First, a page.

For a more in-depth look at word counts, I point you to Jennifer Laughren’s blog post. It was written 5 years ago, but I think much of the information is still relevant.

Many people have questions about content. What’s “appropriate” for middle grade? What’s “appropriate” for young adult? That’s a bigger conversation than this post has room for. I’ll address that in a separate post.

So… I apologize for the plethora of places I felt the need to stress things with italics. Now, any questions, thoughts, comments?

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What I’m Looking for in 2016

f2240bacec62ba2a118914720e348d97 The start of another year! You may be pleased to know that I am open to submissions again. I represent children’s literature exclusively. That is, I’m looking for picture books, chapter book series, middle grade novels and non-fiction, young adult novels and non-fiction, and graphic novels by author-illustrators.

Please make sure to follow my submission guidelines carefully, or your query will be deleted. You can find the guidelines on the Jennifer DeChiara Literary Agency website, as well as here on the blog, and down at the end of this post.

In particular, I am looking to represent the following things:

  • I would very much like a more diverse client list, so I invite and would like to encourage more people of color to query me.
  • I’m always looking for distinct voices, unique stories, and remarkable writing. It’s fine to be a newbie, because everyone has to start somewhere, but I’m looking for superlative writing.
  • I’m interested in character driven stories that don’t skimp on plot.
  • For MG and YA I like realistic contemporary, mystery, literary, historical fiction, speculative fiction and magical realism, science fiction that’s not too science-y, anything feminist (but no hating on boys), mythical re-tellings, and characters with some sass. As always, I’m partial to GLBTQ stories and authors.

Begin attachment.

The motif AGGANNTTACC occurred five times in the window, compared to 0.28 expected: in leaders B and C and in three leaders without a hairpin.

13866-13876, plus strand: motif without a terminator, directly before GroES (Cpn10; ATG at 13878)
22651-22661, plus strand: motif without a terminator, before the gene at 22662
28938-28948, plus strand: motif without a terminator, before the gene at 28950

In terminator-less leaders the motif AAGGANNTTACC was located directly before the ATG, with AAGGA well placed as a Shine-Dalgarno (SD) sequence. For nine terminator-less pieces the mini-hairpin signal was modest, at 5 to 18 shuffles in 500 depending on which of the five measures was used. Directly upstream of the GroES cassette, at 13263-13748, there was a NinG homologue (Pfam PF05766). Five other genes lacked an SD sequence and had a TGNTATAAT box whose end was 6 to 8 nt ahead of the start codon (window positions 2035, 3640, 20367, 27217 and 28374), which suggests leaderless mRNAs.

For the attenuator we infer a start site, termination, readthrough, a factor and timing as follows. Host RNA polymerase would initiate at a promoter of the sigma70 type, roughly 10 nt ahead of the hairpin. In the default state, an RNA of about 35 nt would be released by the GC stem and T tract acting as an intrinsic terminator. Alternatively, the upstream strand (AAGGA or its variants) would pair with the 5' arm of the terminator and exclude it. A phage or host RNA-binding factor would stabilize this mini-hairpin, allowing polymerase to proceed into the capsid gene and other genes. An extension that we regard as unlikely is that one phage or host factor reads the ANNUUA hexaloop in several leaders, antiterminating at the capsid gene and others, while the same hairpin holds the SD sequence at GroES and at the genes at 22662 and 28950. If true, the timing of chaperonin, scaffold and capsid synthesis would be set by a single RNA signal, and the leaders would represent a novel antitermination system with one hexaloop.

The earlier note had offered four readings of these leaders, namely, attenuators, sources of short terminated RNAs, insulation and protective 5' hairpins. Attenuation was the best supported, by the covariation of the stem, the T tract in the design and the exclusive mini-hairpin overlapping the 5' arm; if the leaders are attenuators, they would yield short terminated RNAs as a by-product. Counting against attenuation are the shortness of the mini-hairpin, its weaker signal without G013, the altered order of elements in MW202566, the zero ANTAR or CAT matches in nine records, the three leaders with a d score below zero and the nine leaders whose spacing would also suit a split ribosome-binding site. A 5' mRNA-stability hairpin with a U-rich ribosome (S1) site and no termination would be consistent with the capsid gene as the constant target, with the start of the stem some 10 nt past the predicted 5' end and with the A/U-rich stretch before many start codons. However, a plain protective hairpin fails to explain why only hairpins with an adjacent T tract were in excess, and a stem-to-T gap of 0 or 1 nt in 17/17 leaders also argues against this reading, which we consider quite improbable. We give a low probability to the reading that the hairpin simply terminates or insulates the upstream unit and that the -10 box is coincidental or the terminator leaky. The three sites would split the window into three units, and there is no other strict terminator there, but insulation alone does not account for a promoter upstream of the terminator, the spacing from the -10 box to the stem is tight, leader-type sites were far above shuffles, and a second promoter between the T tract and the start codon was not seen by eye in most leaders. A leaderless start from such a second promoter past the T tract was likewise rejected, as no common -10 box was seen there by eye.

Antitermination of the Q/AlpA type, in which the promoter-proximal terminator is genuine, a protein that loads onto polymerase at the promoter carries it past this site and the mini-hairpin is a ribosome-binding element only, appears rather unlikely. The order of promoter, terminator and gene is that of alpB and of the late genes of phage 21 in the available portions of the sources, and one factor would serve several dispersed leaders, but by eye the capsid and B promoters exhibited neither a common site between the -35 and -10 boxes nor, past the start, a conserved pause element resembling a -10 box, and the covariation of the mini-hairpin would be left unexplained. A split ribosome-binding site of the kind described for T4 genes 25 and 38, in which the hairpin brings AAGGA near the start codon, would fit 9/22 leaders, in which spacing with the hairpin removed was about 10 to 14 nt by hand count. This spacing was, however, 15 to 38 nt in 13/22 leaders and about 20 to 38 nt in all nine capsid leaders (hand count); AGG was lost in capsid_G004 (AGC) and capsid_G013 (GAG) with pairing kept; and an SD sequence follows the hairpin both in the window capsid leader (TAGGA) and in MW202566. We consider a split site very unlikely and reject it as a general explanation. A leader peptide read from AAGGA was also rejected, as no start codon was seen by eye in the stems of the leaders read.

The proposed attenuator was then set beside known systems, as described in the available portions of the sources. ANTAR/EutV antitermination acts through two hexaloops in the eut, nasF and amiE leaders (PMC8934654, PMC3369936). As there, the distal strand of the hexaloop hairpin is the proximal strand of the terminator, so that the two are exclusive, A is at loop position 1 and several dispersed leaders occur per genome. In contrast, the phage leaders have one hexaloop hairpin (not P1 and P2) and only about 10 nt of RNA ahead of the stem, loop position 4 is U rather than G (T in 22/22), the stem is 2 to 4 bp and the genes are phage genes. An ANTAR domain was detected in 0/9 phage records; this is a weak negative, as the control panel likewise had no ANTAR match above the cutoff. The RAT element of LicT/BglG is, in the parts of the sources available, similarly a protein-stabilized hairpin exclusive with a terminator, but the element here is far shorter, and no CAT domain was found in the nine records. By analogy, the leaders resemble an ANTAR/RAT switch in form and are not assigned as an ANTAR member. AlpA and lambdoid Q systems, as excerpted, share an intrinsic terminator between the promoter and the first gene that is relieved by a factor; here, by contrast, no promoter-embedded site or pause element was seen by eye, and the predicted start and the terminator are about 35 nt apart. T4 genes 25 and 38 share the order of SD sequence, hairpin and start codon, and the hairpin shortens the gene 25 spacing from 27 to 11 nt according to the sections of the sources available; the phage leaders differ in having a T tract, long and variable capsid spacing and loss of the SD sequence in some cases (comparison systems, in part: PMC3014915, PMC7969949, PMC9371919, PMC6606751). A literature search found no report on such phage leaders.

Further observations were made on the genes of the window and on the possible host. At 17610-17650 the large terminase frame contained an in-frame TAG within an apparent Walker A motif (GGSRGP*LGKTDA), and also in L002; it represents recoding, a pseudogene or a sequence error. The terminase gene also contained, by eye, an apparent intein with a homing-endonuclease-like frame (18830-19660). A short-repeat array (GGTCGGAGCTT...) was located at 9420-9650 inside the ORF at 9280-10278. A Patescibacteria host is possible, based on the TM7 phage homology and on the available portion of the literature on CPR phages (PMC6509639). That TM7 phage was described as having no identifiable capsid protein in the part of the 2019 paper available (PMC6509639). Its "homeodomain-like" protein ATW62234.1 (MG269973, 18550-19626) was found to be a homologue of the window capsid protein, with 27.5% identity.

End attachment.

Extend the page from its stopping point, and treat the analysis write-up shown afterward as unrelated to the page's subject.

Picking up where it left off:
• I’d love an epistolary novel, and although I don’t usually represent short stories I’d also really like a series of linked short stories (like a MG or YA Olive Kitteridge.)
  • For picture books, I like funny, odd, voice-y stories. I’m not partial to rhyme (unless it’s fantastic), and I steer away from writing that’s too saccharine. I never take on new clients who don’t have more than one picture book manuscript, so although I don’t want you to pitch me more than one project at a time, please make sure you have other things you can show me if I ask.
  • I would like to see more non-fiction and narrative non-fiction for children. Think STEM and Common Core topics, but also specifically biographies, history, and weird topical interests.

I’m sure I’ll think of other things, as soon as I hit “publish,” but for now this is what I’d like to see coming into my in-box.

To query me, send a short, snappy, professional query letter with the first 20 pages of your manuscript in the body of your email. For picture books, please include the full manuscript in the body of the email. Do not send me an email asking me if it’s ok to query. Do not ask me in the comments section of this post whether <insert what you’re writing> would be something of interest to me. Put “Query” and the title of your manuscript in the subject line. Send it to QueryLindaEpstein (at) gmail (dot) com.